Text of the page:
Among the illegal methods of fishing, the one that uses cyanide is the most pernicious and the most difficult to control. Unlike dynamite or trawl fishing, cyanide fishing is a very silent operation and is usually done underwater. And because of the great demand for live fish and its relatively high price in the market, cyanide fishing has become rampant in the city. To address this, Mayor Hagedorn moved for the passing of a legislation banning the shipment of live fish, the catching of which is blamed for the destruction of the city’s coral reefs through the use of cyanide. And to protect the interest of the legitimate live fish catchers, the Cyanide Detection Test Laboratory was established to scientifically determine if fish were caught by illegal means. It is the first such facility in the country to be put up by a local government unit.
In 1993, P7.67 million was appropriated by the city government to the Bantay Puerto Program for a per-capita expenditure of only P47.37. Overall value of confiscated goods and equipment totaled P50 million, thereby making the program indubitably a resounding success. For 1994, its budget was trimmed to P6 million, almost two million less than its original. The decrease is a result of less capital expenditure due to a better-informed public. A zero marine-related crime rate in the Puerto Princesa Bay is a testimony to this.
Encouraged by the city leadership’s success in preserving its rich natural resources, the Department of Environment and Natural Resources (DENR) turned over to the city government the management and control of the world-renowned 5,753- hectare Puerto Princesa Subterranean River National Park which is believed to be home to the world’s longest navigable underground river. This devolution of management from the national to the local is the first in the history of the country. Since then, the Park has become the city’s foremost tourist destination.
Expectedly, a few powerful forces who enriched themselves from the wanton exploitation of the city’s forest and marine resources through illegal logging; trawl, cyanide and blast fishing; and, the merchants of their illicit products raised the strongest howls.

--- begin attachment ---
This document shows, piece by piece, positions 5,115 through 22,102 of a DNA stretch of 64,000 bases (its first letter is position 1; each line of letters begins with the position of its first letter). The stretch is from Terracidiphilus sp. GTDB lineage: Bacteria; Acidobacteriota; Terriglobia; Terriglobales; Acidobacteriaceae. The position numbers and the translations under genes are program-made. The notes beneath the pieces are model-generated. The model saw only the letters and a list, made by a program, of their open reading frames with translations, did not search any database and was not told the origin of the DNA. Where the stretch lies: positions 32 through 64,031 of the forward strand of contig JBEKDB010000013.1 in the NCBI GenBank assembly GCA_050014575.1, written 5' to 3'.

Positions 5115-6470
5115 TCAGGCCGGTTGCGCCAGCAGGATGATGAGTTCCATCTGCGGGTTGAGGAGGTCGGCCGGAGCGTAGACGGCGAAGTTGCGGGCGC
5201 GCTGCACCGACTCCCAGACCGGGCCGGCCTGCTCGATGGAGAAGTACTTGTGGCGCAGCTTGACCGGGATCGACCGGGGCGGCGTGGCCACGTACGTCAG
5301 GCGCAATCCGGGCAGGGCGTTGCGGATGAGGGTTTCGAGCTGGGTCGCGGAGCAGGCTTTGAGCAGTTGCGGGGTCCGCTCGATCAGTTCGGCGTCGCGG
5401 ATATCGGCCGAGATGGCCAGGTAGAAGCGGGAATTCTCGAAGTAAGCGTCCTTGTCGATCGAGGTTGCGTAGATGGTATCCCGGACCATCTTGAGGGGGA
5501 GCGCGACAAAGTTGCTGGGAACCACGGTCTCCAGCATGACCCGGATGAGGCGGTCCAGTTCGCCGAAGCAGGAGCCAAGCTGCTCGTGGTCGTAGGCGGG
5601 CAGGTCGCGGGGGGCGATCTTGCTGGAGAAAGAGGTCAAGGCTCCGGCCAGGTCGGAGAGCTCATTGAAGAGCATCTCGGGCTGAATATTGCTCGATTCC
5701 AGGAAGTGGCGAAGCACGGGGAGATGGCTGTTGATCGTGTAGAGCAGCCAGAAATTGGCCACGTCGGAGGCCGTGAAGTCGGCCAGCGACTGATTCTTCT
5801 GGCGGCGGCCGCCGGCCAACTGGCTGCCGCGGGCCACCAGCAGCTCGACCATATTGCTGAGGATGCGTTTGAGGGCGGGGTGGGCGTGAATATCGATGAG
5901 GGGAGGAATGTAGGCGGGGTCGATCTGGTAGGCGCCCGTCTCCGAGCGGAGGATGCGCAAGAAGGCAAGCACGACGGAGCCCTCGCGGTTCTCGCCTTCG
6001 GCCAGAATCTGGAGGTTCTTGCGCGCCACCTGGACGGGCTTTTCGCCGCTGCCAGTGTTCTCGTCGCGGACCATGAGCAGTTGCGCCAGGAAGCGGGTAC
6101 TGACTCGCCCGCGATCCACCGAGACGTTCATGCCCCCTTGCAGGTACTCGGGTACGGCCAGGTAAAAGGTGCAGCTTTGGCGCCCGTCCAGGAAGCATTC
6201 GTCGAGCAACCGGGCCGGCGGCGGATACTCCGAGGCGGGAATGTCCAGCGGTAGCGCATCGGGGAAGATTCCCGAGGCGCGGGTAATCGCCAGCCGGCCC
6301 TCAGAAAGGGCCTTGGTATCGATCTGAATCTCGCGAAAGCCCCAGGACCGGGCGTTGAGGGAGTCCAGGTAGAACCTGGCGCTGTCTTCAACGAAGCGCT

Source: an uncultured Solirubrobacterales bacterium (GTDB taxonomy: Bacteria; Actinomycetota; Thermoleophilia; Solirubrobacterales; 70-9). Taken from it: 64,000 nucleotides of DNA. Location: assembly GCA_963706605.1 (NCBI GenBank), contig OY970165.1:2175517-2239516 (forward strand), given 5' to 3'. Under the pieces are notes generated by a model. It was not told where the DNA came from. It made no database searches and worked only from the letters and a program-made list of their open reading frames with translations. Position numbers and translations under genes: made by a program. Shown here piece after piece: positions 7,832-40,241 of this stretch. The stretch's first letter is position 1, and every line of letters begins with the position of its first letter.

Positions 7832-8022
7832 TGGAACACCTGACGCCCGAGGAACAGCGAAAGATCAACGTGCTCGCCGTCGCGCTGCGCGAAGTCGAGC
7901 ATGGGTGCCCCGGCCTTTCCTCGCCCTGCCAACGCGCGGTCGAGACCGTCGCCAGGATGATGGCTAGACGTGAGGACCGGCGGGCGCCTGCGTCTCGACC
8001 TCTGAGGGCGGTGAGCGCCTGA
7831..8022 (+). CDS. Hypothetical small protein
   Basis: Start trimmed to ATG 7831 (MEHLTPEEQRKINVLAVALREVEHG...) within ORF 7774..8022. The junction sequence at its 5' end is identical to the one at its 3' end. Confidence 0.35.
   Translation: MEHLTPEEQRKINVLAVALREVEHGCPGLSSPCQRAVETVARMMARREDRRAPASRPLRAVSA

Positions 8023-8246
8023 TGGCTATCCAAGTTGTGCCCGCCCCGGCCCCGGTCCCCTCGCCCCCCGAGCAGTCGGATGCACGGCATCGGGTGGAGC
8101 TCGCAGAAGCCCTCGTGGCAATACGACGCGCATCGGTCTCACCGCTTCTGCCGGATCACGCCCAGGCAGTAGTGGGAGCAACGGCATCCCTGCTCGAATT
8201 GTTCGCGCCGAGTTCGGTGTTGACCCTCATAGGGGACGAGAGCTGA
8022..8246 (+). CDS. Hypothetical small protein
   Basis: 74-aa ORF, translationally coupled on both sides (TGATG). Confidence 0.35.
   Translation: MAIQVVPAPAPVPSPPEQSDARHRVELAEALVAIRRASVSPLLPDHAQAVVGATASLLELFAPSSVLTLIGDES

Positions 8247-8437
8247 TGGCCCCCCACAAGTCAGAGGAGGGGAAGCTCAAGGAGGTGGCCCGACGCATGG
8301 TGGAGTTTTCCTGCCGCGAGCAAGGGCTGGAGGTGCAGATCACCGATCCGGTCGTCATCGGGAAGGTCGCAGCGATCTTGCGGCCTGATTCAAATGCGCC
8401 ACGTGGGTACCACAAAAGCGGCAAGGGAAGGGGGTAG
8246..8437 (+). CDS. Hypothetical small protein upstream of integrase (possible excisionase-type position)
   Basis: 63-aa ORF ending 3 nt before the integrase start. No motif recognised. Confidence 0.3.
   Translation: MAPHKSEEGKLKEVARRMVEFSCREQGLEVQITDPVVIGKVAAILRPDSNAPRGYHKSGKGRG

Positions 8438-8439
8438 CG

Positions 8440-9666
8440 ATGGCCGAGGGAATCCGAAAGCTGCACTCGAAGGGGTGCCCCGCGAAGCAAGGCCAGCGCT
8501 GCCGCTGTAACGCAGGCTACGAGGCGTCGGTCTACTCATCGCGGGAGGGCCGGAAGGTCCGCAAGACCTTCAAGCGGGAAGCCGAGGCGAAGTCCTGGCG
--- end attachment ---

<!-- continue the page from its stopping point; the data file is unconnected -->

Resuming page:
Predictably, too, the “kaingin” or slash-and-burn farming likewise caused quite a furor. Now prohibited to plant “kaingin” rice which does not entail extensive land preparations – a practice they have been doing for ages – the Program initially became the focus of a lot of anger and resentment among the rural folks.
To wean these farmers from such antiquated and destructive practices and to tide them over during the difficult transition period, Mayor Hagedorn instituted stop-gap measures such as Cash-for-Work Program and rice subsides, and permanent productivity enhancing structures like the Carabao and Tractor Pool and provision of various seedlings.
These and the goodwill already earned by the City Leadership over the farming sector through programs specifically created to help the rural population, such as the establishment of the Satellite Hospital and Barangay Libraries, caused the opposition to the conservation program to soon die down.
A Program Coordinator who reports directly to the City Mayor heads the program. Each component is in turn headed by a Project Manager. The Program Coordinator runs the daily affairs of the program, including coordination with concerned government and non-government sectors, and all the other sectors of society to ensure successful implementation of its goals and objectives.
Puerto Princesa three years back and beyond was a microcosm of the Philippines’ environmental drift. Its forest and seas were the most convenient sources for both the needy and the greedy to make a fast buck, and to heck with tomorrow. With many of its people living along the coastlines, a tragedy in the Ormoc proportions was only waiting to happen… until one person with enough sense and sanity to revert it came into the helms of the local government.
Now it can be said that it can be done. Hopefully, all the Filipinos and the people of the world can be led into a realization that environment preservation is non-negotiable if humanity is to survive. After all, we all live in the same planet, and Earth is the one commonality we all share with.
The Bantay Puerto Program earned in 1993 the city’s first Galing Pook Award given by the Asian Institute of Management.